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Sanofi-Aventis to close some plants, restructure

French drugmaker Sanofi-Aventis SA on Tuesday announced a major corporate restructuring on the heels of new safety concerns that could hurt sales of a key drug, its once-a-day insulin Lantus.
/ Source: The Associated Press

French drugmaker Sanofi-Aventis SA on Tuesday announced a major corporate restructuring on the heels of new safety concerns that could hurt sales of a key drug, its once-a-day insulin Lantus.

The world's third-largest pharmaceutical firm said it is reorganizing research operations to boost innovation. The plan includes offering voluntary buyouts to an unspecified number of employees in France, plus closing four research sites and possibly selling a fifth one there. Those sites employ about 650 people. The company said it is not planning any layoffs.

Sanofi-Aventis also is looking at selling or converting to other uses laboratories that do preclinical research — studies in cells or lab animals — in the U.S., United Kingdom, Japan and Spain.

The Paris-based company is a top maker of flu and other vaccines and also sells the popular anticlotting medicines Plavix and Lovenox, breast and prostate cancer drug Taxotere, and insomnia treatment Ambien.

Lantus, the company's third-best-selling drug with revenue up 28 percent at nearly $3.5 billion last year, is key to the company's growth. Some older drugs, including top two sellers Lovenox and Plavix, will face generic competition and lose much of their sales in the next few years.

In late April, Sanofi-Aventis said it would narrow its research focus to fewer disease areas, something top competitors including Pfizer Inc. and Merck & Co. already have done.

Sanofi said it was halting development of three late-stage drugs, including a once-promising one for depression, plus about 10 other drugs in early or mid-stage testing.

The company said Tuesday it will continue to invest in research but focus more on partnerships with academic institutions, biotech companies and other research entities — as most companies in the pharmaceutical industry have been doing. It also plans to simplify its research organization "for greater reactivity," re-evaluate and refocus central research functions based in the Paris area, and give more authority to make decisions to other facilities.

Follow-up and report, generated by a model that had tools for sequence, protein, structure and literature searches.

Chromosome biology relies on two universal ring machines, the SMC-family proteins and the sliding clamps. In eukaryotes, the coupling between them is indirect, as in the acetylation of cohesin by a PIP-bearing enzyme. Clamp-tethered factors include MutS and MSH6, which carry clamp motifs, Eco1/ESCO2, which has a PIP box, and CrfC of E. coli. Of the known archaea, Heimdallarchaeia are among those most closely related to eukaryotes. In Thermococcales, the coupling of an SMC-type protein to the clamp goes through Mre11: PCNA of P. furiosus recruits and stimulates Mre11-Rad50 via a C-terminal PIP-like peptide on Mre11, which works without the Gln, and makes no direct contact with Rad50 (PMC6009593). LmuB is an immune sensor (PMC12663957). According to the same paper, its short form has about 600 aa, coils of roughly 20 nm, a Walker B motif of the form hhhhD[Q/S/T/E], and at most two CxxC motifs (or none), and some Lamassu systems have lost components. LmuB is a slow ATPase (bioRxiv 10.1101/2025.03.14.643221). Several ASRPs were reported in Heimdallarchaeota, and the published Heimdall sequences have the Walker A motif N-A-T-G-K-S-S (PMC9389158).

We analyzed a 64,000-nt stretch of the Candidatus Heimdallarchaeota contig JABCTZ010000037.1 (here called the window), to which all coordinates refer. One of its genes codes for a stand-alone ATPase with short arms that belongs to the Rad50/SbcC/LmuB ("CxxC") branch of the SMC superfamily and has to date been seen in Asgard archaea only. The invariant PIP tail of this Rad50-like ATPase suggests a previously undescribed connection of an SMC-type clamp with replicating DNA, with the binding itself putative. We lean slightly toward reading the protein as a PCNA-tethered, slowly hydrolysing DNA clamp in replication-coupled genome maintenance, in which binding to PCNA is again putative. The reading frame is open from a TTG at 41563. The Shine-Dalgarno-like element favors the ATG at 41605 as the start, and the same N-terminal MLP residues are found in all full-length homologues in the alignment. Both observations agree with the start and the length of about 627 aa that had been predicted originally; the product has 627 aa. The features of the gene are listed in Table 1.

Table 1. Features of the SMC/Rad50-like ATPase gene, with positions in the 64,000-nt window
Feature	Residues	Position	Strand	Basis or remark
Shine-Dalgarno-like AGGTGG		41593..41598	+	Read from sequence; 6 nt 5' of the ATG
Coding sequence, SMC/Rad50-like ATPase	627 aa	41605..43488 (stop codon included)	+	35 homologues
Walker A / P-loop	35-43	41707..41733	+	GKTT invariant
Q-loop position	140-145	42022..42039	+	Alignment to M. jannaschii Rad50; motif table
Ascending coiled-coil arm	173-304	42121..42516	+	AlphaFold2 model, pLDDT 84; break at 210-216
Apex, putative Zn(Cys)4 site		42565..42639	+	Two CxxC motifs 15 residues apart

"The objective of this new R&D model is to propose innovative solutions that respond to specific, unmet needs of patients," Chief Executive Christopher Viehbacher said in a statement. He said the company would develop scientific networks with outside entities "to strengthen creativity" and would choose a more entrepreneurial approach to research.

Other large drugmakers, particularly Pfizer, have made similar changes in the last year or so.

Sanofi's announcement comes after the European Association for the Study of Diabetes last Friday said a review of an insurance database of 127,000 patients in four European countries found patients who took Lantus were slightly more likely to be diagnosed with cancer than patients who used other types of synthetic insulin. The researchers said the increased risk amounted to one additional person developing cancer, out of every 100 patients using Lantus for about 1 1/2 years.

The association called the results inconclusive and urged further study. Sanofi-Aventis officials have since been on the offensive, with a company statement, conference call with analysts and video message from the chief medical officer all defending the safety of Lantus.

Other experts and some patient groups, including the American Diabetes Association, have urged patients to discuss the situation with their doctor rather than stopping use of Lantus. Patients with Type 1 diabetes and many with advanced Type 2 diabetes must take insulin every day to prevent life-threatening complications.

In New York trading Tuesday, Sanofi rose 1 cent to end at $29.49, while many pharmaceutical companies and broader market indexes were down.